WHEN SHOULD I WORRY ABOUT...

Carpal Tunnel: Is Your Job A Pain In The Wrists?

Oct. 1, 2019

Spending hours, day after day, on computers, phones or tablets is causing new or more advanced overuse issues in our hands and wrists. Carpal tunnel syndrome — pain, tingling and muscular weakness in the wrist and hand — can affect anyone who uses his or her hands vigorously or repetitively, including office workers, mechanics, musicians and gardeners.

“In its early stages, carpal tunnel syndrome is not necessarily painful,” says Dr. Jennifer Wagner, an orthopedic surgeon specializing in hand and upper extremities surgeries at Houston Methodist. “At first, you may notice tingling or numbness in your hand, wrist or fingers at nighttime or when you wake up in the morning. As carpal tunnel progresses, symptoms become more painful and noticeable during the day. In severe cases, you may experience weakness in your hands and loss of dexterity or fine motor skills.”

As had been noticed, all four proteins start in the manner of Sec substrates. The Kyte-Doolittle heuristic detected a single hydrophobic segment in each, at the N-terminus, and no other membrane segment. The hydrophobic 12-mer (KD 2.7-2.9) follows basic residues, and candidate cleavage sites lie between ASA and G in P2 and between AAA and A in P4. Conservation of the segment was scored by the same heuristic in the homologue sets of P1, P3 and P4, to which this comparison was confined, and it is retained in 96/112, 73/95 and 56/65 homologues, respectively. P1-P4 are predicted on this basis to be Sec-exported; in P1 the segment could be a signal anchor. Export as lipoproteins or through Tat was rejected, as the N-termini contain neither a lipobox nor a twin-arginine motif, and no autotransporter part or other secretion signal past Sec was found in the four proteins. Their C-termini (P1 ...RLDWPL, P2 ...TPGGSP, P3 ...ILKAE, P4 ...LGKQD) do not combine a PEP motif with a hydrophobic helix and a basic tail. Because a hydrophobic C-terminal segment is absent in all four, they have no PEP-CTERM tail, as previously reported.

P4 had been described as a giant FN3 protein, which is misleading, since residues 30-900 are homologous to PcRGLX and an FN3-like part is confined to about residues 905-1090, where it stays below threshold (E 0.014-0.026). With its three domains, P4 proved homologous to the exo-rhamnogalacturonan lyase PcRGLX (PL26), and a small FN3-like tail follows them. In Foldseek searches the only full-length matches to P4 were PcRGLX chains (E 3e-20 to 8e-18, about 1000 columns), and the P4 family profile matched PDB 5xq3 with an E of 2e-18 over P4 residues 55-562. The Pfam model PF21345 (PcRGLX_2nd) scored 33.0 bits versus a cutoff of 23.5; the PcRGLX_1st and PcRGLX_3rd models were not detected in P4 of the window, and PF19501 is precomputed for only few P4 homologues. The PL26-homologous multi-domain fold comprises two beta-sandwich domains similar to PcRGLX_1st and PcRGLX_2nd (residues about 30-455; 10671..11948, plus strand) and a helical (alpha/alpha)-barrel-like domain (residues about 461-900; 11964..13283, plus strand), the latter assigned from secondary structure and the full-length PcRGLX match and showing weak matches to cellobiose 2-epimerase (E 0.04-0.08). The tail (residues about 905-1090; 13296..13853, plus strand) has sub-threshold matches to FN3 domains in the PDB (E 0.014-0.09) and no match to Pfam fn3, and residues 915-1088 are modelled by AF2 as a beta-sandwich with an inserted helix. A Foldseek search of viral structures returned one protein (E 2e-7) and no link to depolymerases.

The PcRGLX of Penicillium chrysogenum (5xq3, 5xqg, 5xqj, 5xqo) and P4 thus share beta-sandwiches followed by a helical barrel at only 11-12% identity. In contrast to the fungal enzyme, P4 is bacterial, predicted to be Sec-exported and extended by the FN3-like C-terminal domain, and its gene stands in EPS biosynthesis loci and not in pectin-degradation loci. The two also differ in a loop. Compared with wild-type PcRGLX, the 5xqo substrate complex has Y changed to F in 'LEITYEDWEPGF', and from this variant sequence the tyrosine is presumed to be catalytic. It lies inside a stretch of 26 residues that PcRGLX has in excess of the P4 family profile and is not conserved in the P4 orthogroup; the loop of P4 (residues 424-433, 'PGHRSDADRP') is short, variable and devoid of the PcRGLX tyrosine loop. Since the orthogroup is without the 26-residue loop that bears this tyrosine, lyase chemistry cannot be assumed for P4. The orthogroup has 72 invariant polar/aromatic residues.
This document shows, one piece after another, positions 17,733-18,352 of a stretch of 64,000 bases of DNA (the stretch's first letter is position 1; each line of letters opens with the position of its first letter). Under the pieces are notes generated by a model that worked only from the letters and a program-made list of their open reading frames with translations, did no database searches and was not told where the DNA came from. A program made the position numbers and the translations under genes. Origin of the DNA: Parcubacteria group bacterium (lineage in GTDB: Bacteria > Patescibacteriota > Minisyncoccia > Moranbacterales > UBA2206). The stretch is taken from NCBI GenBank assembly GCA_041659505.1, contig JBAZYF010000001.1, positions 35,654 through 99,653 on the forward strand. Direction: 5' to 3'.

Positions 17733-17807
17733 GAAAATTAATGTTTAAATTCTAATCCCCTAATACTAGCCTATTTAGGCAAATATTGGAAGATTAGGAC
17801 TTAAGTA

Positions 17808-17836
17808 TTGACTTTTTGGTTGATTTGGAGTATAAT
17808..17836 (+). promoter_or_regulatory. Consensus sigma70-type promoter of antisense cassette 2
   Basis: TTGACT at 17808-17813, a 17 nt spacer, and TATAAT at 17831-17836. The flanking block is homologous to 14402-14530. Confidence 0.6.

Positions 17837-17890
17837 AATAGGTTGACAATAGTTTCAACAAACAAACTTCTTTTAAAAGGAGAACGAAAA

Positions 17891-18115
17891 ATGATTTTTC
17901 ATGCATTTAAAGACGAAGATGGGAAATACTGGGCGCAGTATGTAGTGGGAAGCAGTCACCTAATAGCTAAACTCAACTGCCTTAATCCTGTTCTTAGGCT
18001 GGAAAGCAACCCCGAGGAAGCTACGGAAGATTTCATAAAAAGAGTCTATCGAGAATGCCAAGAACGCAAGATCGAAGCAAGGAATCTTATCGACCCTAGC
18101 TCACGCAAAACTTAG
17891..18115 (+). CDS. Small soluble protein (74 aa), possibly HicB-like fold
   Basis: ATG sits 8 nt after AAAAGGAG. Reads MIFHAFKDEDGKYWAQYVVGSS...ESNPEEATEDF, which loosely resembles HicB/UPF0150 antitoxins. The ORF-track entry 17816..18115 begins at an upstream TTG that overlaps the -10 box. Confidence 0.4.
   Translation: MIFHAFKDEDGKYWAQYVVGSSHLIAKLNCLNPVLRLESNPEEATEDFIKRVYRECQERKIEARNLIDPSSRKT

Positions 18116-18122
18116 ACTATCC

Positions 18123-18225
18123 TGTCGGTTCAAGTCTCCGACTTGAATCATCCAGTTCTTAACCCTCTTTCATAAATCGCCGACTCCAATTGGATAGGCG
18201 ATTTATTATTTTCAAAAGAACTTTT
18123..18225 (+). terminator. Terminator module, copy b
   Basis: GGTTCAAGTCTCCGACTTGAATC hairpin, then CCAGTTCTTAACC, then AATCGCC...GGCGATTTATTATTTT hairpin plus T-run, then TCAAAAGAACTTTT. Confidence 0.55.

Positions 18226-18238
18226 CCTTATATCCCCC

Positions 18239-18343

Steps to relieve carpal tunnel syndrome symptoms and prevent further injury include:

  • Setting up your work desk and computer keyboard to keep your wrists in a neutral position
  • Using a headset instead of holding the phone to your ear
  • Making sure your work tools fit your hand correctly and using anti-vibration tool wraps and gloves as needed
  • Using automated tools such as electric staplers, hole punches and can openers
  • Taking frequent breaks and alternating activities to rest your hands
  • Doing hand exercises and stretches several times a day

 

Get relief from painful symptoms

Left untreated, carpal tunnel syndrome may lead to permanent nerve damage. The longer you wait for treatment, the worse it gets. “You should seek treatment if hand pain interferes with your normal activities or disrupts your sleep for more than three or four weeks,” Dr. Wagner says. “We can do a nerve study to find out if your carpal tunnel is mild, moderate or severe, which helps determine the right treatment plan. In some cases, anti-inflammatory medicines or cortisone injections may be used to ease symptoms.”

Surgery is another option for moderate to severe cases, and for those who do not respond to conservative measures. “Carpal tunnel release is a simple procedure that can be done in just a few minutes to relieve pressure on the median nerve,” Dr. Wagner says.